Monday, June 21, 2010
Elizabeth Taylor: The Shrillness of You
Despite the fact that Father of the Bride is among my favorite movies of all time, I’ve never been an Elizabeth Taylor fan. I truly believe that from the start of her career as a child star to the tabloid press’ obsession with her personal life, that Taylor has been a media creation from the very beginning. Yes, she’s an Oscar winning actress but are they movies that I’d ever want to sit through more than once? Taylor appeared in more dreadful, turgid, and empty “prestige pictures”—movies created to win Academy Awards—from the 1950s up to the mid-1960s. This list is but one reason why I largely despise 1950s-early ‘60s cinema: A Place in the Sun, Giant, Raintree County, Cat on a Hot Tin Roof, Suddenly Last Summer, BUtterfield 8, and the greatest bomb of all time: Cleopatra. Let's also not forget and Who’s Afraid of Virginia Woolf?
I particularly despise the films Taylor made with director George Stevens, the most bloated, tedious, and overblown director of the era. Giant is pure torture. Just try and enjoy that film with the Texas-baked accents, endlessly crying infants, preachy finger wagging about “tolerance”, and the pre-Johnny Depp performance of James Dean. Any movie where Rock Hudson is its greatest asset is its own worst enemy. Also take a look at Taylor’s 1960s work. It’s a series of glossy artistic flops no better than a TV soap opera of the day. Taylor’s career during the mid-‘50s to late ‘60s coincides with my own decreasing interest in movies of that era and an increased interest in television of the same time, which was memorably derided as the vast wasteland!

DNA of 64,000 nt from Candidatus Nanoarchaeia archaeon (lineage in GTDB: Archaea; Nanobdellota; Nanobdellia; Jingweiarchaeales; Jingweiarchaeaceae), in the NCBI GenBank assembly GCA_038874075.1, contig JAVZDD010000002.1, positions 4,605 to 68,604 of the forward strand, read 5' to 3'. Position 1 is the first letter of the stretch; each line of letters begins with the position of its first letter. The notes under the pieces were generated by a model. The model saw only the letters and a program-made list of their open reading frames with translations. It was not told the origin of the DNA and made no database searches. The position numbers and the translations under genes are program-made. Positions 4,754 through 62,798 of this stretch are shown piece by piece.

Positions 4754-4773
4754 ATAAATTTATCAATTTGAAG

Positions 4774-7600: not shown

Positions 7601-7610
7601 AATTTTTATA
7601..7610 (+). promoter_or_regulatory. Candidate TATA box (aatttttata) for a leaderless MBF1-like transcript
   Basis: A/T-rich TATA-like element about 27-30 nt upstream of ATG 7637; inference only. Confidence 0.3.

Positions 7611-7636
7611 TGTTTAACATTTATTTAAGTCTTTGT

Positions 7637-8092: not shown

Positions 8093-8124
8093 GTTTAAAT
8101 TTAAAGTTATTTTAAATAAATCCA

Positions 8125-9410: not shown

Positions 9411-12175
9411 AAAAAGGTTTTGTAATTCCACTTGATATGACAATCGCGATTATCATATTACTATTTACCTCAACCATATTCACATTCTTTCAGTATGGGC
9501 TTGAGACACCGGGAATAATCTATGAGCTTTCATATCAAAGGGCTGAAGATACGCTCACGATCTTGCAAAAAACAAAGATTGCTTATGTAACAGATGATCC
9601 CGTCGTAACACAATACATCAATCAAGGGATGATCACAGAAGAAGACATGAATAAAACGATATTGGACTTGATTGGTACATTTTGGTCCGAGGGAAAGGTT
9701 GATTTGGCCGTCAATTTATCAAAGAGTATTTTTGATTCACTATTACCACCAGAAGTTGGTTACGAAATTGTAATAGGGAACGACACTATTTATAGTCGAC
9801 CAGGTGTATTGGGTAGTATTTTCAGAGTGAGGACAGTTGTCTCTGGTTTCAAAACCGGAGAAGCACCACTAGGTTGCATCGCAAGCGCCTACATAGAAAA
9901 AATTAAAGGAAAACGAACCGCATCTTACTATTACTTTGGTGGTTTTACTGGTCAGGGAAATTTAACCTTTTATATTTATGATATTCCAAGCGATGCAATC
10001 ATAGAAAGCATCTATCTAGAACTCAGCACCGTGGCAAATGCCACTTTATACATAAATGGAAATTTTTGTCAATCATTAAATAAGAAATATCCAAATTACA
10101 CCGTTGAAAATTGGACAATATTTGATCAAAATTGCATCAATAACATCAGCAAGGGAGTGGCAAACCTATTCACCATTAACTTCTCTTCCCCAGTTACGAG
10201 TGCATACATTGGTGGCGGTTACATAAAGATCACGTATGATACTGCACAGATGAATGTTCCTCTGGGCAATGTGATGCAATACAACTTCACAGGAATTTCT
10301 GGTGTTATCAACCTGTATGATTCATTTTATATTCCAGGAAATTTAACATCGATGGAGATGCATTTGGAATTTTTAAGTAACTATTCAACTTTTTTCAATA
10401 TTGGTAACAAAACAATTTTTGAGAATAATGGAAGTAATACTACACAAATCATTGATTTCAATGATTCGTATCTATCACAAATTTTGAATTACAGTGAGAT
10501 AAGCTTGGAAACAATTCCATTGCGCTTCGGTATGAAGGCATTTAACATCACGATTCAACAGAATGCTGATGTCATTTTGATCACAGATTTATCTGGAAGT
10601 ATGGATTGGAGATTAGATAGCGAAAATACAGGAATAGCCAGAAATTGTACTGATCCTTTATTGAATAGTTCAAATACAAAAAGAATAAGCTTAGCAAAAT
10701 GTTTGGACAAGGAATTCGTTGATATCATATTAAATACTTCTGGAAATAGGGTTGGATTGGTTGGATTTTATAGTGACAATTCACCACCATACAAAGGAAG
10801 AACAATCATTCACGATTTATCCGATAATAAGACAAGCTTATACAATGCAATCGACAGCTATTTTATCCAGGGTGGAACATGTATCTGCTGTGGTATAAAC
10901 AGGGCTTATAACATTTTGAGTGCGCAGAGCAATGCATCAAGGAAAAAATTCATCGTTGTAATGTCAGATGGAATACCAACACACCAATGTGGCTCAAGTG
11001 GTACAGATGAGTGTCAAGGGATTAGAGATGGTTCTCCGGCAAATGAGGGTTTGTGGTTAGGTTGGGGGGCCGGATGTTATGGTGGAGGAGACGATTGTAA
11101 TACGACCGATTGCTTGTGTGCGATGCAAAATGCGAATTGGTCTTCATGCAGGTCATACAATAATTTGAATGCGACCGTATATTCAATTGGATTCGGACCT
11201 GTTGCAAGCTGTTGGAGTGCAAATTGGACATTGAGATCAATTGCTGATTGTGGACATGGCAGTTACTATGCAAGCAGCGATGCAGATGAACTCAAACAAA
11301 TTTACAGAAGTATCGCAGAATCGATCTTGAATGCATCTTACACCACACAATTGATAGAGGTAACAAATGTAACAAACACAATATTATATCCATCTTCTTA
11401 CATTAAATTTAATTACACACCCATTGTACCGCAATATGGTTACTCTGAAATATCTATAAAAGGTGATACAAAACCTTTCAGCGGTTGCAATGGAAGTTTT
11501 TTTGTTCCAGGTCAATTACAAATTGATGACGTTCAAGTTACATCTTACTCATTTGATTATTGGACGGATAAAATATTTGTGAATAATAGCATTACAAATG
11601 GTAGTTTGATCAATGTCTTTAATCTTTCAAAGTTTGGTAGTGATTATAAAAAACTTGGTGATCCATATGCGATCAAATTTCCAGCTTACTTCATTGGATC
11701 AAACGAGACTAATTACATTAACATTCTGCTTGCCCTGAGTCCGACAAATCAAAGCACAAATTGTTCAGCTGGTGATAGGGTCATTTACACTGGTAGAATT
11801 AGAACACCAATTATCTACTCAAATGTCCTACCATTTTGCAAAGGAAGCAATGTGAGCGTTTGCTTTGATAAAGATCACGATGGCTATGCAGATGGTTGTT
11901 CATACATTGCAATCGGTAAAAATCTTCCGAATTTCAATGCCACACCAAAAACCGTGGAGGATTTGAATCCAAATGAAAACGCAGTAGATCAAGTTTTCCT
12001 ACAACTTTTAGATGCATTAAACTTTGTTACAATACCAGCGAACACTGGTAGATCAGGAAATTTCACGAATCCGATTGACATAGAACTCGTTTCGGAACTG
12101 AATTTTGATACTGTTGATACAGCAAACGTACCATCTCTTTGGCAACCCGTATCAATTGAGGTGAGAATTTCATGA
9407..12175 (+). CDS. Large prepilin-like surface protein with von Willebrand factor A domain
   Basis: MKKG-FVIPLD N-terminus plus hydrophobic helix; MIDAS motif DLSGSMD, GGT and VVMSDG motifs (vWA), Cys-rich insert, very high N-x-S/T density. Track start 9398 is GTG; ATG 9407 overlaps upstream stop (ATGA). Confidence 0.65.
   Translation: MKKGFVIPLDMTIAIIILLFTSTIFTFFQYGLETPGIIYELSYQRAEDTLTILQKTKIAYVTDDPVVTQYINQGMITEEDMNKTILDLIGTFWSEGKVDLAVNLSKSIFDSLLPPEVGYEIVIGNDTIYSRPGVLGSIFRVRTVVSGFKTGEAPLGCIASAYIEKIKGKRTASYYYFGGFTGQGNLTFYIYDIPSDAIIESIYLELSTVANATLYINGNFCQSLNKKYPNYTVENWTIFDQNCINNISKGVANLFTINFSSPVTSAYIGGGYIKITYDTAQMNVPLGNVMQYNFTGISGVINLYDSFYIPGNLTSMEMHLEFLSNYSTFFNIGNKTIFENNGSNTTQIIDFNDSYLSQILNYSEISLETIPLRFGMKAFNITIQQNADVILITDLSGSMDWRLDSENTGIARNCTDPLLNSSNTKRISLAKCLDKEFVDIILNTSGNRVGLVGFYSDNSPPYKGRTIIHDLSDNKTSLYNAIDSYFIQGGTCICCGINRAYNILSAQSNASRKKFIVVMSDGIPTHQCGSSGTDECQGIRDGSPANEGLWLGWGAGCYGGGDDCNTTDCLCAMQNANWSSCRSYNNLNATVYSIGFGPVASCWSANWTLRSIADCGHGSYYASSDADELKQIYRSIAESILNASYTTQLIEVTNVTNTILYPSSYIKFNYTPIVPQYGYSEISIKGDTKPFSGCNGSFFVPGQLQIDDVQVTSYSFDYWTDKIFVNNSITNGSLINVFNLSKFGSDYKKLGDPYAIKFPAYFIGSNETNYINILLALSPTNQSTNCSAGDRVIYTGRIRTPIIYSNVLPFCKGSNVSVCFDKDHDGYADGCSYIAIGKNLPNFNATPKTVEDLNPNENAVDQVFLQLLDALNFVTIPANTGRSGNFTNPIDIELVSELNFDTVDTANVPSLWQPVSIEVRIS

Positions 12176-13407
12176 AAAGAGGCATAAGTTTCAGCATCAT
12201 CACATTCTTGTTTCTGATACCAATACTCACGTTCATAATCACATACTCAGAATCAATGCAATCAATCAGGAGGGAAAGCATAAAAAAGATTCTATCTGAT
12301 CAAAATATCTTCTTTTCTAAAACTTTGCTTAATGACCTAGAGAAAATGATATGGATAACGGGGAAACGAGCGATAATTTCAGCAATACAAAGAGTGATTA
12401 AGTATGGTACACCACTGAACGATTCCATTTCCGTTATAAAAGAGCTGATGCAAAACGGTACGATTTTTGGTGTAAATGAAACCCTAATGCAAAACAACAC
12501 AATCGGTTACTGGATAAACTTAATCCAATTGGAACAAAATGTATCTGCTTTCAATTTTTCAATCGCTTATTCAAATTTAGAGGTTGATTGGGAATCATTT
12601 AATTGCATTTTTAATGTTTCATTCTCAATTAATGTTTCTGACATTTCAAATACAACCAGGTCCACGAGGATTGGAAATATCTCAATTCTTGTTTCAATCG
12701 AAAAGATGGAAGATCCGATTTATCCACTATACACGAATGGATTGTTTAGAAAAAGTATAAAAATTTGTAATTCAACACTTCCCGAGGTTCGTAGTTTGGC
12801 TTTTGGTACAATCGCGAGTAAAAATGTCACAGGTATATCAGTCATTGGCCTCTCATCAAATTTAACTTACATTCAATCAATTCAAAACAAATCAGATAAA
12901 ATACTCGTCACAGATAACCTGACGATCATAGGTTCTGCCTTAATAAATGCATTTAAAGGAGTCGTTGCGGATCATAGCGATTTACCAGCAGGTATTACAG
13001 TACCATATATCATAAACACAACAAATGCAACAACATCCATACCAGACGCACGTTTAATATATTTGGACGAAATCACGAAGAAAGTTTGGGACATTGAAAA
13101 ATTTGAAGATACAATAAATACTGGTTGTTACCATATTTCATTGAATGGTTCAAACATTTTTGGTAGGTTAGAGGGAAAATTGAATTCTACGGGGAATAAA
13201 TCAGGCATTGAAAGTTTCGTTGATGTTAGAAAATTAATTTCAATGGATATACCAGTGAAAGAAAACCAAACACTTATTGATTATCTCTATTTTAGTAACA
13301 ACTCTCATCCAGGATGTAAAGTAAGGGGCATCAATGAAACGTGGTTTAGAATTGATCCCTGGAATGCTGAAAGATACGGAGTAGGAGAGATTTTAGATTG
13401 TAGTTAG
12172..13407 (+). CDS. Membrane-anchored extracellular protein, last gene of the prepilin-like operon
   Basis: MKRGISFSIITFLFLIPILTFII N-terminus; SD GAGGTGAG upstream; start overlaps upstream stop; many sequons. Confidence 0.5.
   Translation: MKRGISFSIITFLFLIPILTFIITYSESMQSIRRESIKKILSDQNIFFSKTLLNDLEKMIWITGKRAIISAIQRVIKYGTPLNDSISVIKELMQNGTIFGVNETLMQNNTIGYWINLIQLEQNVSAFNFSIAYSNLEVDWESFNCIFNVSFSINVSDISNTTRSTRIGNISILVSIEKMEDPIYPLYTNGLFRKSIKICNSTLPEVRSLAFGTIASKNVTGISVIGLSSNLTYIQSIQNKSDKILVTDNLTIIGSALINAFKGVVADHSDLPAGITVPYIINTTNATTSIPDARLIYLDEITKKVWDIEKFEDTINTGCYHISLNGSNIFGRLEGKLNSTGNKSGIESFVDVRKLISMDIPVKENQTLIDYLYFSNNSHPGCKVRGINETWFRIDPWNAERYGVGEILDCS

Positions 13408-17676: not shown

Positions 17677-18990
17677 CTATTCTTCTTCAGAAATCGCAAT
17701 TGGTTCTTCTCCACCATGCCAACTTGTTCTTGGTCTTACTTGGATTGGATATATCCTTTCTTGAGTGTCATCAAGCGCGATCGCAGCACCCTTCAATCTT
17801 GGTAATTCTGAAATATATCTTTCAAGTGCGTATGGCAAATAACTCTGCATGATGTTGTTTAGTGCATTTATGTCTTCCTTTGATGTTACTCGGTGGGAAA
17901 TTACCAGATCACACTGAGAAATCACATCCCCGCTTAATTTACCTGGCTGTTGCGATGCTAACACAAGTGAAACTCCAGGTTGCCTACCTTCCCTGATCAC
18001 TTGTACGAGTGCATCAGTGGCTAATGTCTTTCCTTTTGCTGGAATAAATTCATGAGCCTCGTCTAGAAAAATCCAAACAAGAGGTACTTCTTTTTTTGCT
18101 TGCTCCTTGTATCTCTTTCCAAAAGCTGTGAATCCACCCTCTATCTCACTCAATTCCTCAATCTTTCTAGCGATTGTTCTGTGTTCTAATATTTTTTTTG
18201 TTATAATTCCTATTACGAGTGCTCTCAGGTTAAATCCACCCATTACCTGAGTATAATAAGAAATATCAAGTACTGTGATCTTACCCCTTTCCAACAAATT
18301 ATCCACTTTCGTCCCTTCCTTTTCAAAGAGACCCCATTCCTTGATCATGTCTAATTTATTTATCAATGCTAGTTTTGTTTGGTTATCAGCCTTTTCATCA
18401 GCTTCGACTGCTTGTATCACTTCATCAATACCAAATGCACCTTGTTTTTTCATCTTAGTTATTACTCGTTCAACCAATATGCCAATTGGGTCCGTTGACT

Taylor, beginning around 1957, became increasingly shrill and overwrought in her performances. Yes, many times the role demanded it but its just plain unpleasant to watch. I’ve come to associate Taylor and playwright Tennessee Williams as one miserable combination. Why was Hollywood so enamored with this man’s works? Was it the first signs of the Production Code cracking? Were the sexual overtones in Williams’ works—watered-down for audiences’ “protection” and in the case of Tin Roof, rendered unrecognizable somehow appealing to repressed audiences? (Brick’s unhappy. Why? No reason.) Perhaps Elizabeth Taylor’s performances and the increasing circus her personal life was becoming occurred at the same time for a reason. Art imitates life is apt here, but it doesn’t make for movies I’d want to watch more than once. I don’t know of anyone who includes Elizabeth Taylor in their favorite actress lists, or actually enjoys or is moved by anything she’s ever done in what has been a long and fascinating to watch—in a car wreck sort of way—career. Taylor lacks the innocence and vulnerability of Audrey Hepburn, the toughness of Susan Hayward, the comedic ability of Marilyn Monroe. Taylor’s appeal lies in the luridness of her stormy personal life, the dysfunctional relationship with the hammy Richard Burton, and her status as a studio-era creation.
Despite my dislike for Taylor’s acting and films, I credit her with being a survivor of that studio-era madness and so many tragedies in her life: illness, becoming a widow so young, and living life under a microscope. Her dedication to charity is admirable, indeed, and she seems like a genuinely good person, all things considered. I just don’t want to have to watch Giant ever again.